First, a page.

Audubon International’s close ties to the United States Golf Association, however, raise important questions about their objectivity. The results of this study suggest that for Audubon International, and some golf developments, there is greater value in the perception of the existence of habitat than actually creating quality habitat. Pelican Preserve, in particular, presents a façade of habitat suitability. It is clear that the Audubon International certification process in no way guarantees equity among their member courses in terms of habitat suitability. Rather, the various levels (Gold, Silver, and Bronze), along with Audubon International’s duration of involvement with a specific project, reflect the degree of financial commitment from the developer or owner, not a set standard that Audubon International uses as a guide to award worthy golf courses or developments. This results in a distinct inequity for some members of the Audubon Signature Program where the same level of habitat suitability on one Certified Gold course is drastically better, or much worse, than another Certified Gold course. Raptor Bay, for example, is far superior to both Old Collier and Pelican Preserve in terms of the actual provision of wading bird foraging habitat.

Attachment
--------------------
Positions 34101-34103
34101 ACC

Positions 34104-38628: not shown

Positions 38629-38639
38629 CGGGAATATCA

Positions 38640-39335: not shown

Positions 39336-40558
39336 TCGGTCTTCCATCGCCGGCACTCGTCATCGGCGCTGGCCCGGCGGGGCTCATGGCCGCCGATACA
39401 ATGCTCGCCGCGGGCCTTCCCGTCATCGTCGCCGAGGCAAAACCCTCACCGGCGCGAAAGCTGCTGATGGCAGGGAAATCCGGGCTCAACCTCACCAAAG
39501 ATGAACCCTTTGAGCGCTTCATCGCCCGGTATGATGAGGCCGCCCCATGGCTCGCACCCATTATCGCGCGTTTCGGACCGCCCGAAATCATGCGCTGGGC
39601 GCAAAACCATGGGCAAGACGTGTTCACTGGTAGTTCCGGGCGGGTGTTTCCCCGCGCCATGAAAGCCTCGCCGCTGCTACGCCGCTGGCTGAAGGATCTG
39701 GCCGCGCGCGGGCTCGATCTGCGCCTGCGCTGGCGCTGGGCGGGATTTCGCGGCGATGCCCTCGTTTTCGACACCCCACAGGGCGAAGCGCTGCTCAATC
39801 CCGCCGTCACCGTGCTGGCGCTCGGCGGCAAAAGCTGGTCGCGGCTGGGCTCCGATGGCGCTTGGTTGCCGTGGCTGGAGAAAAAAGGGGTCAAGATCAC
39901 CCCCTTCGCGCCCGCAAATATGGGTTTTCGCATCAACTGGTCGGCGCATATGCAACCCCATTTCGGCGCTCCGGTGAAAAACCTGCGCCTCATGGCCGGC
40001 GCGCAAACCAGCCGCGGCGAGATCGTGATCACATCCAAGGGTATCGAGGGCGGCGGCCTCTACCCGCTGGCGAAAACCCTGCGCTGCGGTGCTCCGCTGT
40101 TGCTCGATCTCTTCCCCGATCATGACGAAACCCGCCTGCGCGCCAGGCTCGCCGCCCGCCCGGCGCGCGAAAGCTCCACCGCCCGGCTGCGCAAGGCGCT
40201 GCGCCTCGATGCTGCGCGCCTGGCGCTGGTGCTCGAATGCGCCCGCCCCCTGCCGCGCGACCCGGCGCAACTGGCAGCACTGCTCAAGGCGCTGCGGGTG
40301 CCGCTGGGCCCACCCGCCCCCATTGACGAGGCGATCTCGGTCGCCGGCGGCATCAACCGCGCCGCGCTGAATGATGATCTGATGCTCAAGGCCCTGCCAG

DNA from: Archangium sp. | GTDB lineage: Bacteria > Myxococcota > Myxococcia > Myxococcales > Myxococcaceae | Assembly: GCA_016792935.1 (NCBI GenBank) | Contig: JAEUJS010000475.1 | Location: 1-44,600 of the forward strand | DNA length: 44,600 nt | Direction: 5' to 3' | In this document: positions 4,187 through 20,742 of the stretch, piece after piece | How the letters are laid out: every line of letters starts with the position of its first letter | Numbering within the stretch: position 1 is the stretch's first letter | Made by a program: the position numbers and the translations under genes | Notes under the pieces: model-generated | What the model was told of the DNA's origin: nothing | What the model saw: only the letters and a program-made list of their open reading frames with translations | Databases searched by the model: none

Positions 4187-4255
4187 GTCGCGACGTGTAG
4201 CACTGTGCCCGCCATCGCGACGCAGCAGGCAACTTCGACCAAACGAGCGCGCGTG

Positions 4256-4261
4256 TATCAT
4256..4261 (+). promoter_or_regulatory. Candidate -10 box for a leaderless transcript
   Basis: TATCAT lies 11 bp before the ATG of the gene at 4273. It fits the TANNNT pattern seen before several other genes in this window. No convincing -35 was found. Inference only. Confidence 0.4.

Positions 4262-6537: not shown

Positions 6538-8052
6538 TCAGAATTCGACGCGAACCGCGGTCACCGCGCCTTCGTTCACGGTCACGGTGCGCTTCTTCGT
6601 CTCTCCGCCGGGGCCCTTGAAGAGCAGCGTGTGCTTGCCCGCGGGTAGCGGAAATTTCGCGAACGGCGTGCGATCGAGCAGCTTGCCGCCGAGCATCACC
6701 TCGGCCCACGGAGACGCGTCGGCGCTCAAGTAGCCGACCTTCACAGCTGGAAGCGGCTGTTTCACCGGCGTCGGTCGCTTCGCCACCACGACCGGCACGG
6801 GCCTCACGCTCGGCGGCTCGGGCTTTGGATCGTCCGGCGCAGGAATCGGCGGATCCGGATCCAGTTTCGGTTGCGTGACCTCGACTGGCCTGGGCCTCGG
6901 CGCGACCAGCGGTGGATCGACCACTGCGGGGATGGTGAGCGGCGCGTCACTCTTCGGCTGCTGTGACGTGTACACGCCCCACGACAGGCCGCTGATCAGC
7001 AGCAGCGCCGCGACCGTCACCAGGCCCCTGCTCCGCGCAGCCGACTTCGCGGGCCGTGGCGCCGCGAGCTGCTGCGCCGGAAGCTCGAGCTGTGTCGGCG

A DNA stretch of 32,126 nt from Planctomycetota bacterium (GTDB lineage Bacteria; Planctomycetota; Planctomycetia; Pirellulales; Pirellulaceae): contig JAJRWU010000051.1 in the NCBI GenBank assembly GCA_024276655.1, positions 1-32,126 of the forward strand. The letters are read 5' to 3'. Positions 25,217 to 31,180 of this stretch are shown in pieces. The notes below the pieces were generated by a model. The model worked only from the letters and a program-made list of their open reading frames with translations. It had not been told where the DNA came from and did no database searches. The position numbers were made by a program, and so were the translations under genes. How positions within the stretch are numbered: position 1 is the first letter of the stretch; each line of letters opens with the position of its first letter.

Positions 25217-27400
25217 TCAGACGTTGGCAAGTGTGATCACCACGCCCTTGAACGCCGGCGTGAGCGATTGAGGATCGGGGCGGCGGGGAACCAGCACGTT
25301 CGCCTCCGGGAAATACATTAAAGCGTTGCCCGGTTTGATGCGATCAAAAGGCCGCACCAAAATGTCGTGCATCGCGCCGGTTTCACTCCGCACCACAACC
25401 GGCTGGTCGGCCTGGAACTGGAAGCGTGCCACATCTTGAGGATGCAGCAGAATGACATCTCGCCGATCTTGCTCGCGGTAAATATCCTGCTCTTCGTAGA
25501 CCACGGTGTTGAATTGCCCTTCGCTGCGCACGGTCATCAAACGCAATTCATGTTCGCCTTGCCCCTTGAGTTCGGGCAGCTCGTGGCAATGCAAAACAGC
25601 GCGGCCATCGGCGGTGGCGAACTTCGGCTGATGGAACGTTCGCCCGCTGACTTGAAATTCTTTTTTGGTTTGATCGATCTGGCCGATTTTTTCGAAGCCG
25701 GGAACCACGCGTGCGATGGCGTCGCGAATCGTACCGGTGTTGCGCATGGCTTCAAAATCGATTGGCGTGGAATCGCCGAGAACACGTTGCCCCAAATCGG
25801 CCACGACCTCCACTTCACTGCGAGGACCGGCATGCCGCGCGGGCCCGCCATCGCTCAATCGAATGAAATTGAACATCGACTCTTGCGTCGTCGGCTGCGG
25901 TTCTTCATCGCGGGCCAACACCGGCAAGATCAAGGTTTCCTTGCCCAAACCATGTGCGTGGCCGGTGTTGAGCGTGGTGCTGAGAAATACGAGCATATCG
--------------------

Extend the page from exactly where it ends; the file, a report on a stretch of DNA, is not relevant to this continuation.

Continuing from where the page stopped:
Despite the “annual recertification visits”, it is very unlikely that Pelican Preserve would ever be removed from Audubon International’s roll of Certified Gold Signature Sanctuaries, especially considering Audubon International’s recent partnership, valued at $2.5 million, with WCI Communities, Inc., the developer of the property (Audubon International 2003a). According to Audubon International, their relationship with WCI includes plans for ten additional communities in Florida, all of which were planned to be Certified Gold at the time of publication of this document (Audubon International 2003d). Explaining WCI’s commitment to environmental quality, Audubon International notes, “WCI (has) a full-time team of four environmental managers dedicated to building sustainable communities and educating consumers, communities, and industry leaders" (Audubon International 2003a). Mirroring this statement in the wake of Audubon International’s partnership with WCI, Ron Dodson, President and CEO of Audubon International, explains “WCI is clearly leading the way for individuals and builders to drive change and help protect our natural resources. One industry at a time” (WCI Communities 2003). Al Hoffman, Jr., who is the founder and Chairman of the Board of WCI Communities, Inc. as well as the former ‘National Co-Chair and the Florida State Finance Chairman for the George W. Bush for President Campaign’, has a slightly less committed view on protecting Florida’s natural resources (WCI Communities 2003). Protesting regulations designed to save Florida panther habitat, Hoffman said, “What is the cost of protecting this bastardized species? How much land is society going to sacrifice?” (Grunwald 2002, no page). Further evidence of Hoffman’s [lack of] commitment to the environment is exemplified in the following statement that he made in 2002: “We need to protect the environment for our own selfish motives...If we destroy the environment, it won’t serve us anymore...(regulators)...think the world will end if they can’t protect that little tree” (Grunwald 2002, no page).